Millions have been left without power from extreme weather events. With recent hurricanes increasing in size and strength, FEMA has laid out recommendations for preparing solar panels to ensure self-reliance in case the grid fails. From the design aspect, one of those recommendations is to implement microinverters versus string inverters when getting your solar panels installed.
Panels experience impediments like cloud coverage, shade from overgrown trees, or even leaves. When it comes to high wind events, most solar panels can withstand up to 140mph of winds, or a Category 4 hurricane, according to NOAA.
However, if one part of an array is impacted by any of these things with a string inverter, all panels will be impacted. Microinverters that attach to each panel prevent a widespread issue. So, for example, when one panel or microinverter fails, the rest of the array is still pumping out power. This is why solar panels designed with optimal operation in mind can help families and businesses stay in play when the power grid goes down.
9 reasons why FEMA recommended microinverters:
- One area failure doesn’t cause an entire system failure. Microinverters that fail only impact the panels they are connected to, unlike string inverters, where the entire system will go down if one area is affected. So if one panel blows off the roof, the rest will continue working unaffected by the damage.
- Remote troubleshooting – with string inverters, the installer must make an in-person visit to diagnose the movement. Microinverters allow for remote problem-solving, and if an in-person repair is necessary, the installer will know the problem ahead of time, which makes for speedy repairs.
- Flexible designs – microinverters are flexible because, unlike string inverters, they don’t require continuous string installation.
- Increased durability – inverters are one of the first pieces of equipment to fail; microinverters tend to be more dependable and durable than string inverters.
- Microinverters have lower voltage DC conversions meaning the DC to AC conversion happens at the panel level, which removes the danger of high voltages traveling through the entire system.
- Reduces high voltage traveling the system as well as fires and arc faulting – which is when loose, faulty wiring causes sparks and, ultimately, electrical fires.
- Faster and easier to install – microinverters require less electrical work, and no DC electricians are required.
- Increased productivity – microinverters, on average, have a 3% higher equipment productivity level.
- Microinverters tend to have longer product warranties.
A standard for microinverters
William May, the owner of May Electric Solar and a Solar Insure Certified Installation Company, discusses the standard he has set for solar designs to include microinverters.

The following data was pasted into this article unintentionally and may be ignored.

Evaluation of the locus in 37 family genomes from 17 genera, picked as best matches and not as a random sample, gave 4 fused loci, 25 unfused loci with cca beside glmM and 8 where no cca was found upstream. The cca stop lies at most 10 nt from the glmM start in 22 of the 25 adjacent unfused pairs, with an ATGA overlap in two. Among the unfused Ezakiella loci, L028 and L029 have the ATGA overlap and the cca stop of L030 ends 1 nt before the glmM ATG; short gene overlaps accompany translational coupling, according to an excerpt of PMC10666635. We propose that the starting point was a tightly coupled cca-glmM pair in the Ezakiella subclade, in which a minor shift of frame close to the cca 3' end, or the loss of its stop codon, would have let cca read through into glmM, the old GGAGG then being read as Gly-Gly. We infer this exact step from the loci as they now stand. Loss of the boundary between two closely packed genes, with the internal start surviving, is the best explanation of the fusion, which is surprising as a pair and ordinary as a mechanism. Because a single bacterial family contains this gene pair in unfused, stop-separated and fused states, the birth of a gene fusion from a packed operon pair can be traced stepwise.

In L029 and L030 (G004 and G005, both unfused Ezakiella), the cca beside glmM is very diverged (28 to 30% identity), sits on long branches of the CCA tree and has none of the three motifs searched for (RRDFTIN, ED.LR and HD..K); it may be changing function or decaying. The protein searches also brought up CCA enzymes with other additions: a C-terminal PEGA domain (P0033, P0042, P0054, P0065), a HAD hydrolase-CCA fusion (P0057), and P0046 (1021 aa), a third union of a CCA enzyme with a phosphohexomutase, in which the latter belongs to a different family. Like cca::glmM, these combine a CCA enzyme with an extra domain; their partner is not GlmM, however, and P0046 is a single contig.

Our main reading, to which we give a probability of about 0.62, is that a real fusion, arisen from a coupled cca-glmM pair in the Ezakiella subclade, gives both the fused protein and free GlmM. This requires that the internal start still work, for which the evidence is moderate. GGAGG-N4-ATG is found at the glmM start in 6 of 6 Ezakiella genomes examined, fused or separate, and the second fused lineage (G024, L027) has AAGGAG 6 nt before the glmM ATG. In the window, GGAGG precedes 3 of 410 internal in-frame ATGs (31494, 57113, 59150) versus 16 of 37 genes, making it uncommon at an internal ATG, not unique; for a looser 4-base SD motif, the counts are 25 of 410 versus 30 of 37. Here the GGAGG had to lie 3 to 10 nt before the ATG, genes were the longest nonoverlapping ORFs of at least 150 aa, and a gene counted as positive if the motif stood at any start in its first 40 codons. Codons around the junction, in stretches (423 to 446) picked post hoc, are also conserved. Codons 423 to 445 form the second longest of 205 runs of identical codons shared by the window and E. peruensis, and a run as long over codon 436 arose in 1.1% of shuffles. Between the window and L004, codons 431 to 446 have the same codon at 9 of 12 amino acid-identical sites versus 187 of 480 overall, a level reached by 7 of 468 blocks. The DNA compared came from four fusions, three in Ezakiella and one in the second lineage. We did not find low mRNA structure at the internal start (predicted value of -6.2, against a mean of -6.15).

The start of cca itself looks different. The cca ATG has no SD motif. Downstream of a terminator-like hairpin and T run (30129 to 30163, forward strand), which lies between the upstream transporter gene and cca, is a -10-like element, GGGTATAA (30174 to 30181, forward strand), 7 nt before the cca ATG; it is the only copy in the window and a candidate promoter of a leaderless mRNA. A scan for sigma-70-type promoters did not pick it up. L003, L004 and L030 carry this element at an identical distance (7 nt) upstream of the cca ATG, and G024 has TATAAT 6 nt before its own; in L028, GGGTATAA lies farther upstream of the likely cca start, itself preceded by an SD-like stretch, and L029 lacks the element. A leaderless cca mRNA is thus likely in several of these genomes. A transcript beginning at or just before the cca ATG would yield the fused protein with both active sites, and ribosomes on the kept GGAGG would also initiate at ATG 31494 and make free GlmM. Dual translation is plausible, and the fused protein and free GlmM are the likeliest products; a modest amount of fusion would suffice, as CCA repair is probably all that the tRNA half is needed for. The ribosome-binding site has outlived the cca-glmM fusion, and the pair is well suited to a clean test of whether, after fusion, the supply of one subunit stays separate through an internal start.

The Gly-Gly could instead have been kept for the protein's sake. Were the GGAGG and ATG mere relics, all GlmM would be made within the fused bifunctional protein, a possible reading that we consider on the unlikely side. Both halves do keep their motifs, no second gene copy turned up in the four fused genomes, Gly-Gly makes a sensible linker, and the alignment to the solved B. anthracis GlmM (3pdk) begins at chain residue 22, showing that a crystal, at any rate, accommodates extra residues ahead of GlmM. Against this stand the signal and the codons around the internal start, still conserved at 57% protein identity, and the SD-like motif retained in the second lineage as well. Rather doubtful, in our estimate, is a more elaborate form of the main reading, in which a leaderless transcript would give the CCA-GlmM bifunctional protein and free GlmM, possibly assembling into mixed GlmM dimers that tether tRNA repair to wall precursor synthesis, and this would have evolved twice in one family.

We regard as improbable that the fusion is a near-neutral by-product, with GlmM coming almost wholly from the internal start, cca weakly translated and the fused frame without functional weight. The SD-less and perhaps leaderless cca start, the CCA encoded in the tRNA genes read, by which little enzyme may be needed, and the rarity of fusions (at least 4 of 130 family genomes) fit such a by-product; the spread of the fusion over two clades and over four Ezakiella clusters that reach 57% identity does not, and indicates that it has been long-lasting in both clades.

Preparing for an extreme wind event
Most solar panels can withstand up to 140 mph winds, which is around 2,400 pascals (the unit in which solar panel wind resistance is measured). That’s sturdy enough to withstand a Category 4 hurricane, whose wind speeds range from 130 to 156 mph.
Rooftop solar owners can take a series of actions before a strong wind or storm event occurs. We’ve adapted the following list for homeowners based on NREL’s recommendations.
Pre-Storm Solar PV checklist:
- Clear the exterior of all debris and tie down loose items or equipment
- Trim trees and shrubbery that could cause damage to your house or panels
- Install roof drain covers
- Check those drainage systems are cleared and functioning
- Check and have modules, fasteners, and framing tightened
- Check hardware for any corrosion, missing or damaged parts and have them replaced
- Check racking hardware for looseness and have it tightened if needed
- Have professional check electrical, connectors, wiring, J-box, PC cables connections, gasketing, conduit fittings
- While the extreme weather event passes, NREL recommends powering down the system and turning all disconnects to the open position
Microinverters aren’t just for high wind-prone regions
The push toward microinverters can be seen with top-rated installers who want to keep their customers happy and solar panels working at top performance levels. Using microinverters in the planning and design processes shows the installers’ level of responsibility to their customers. Now, that’s not to say string inverters don’t have their place; however, it’s clear that a shift toward microinverters is becoming the norm, and customers are willing to pay more for savings down the line because true value comes when our solar systems are up and running with little to no downtime.
The Solar Insure team supports customers on their journey with solar power, and our mission is to deliver the most peace of mind a solar customer can get.
Learn more about what Solar Insure means to homeowners: https://www.solarinsure.com/for-homeowners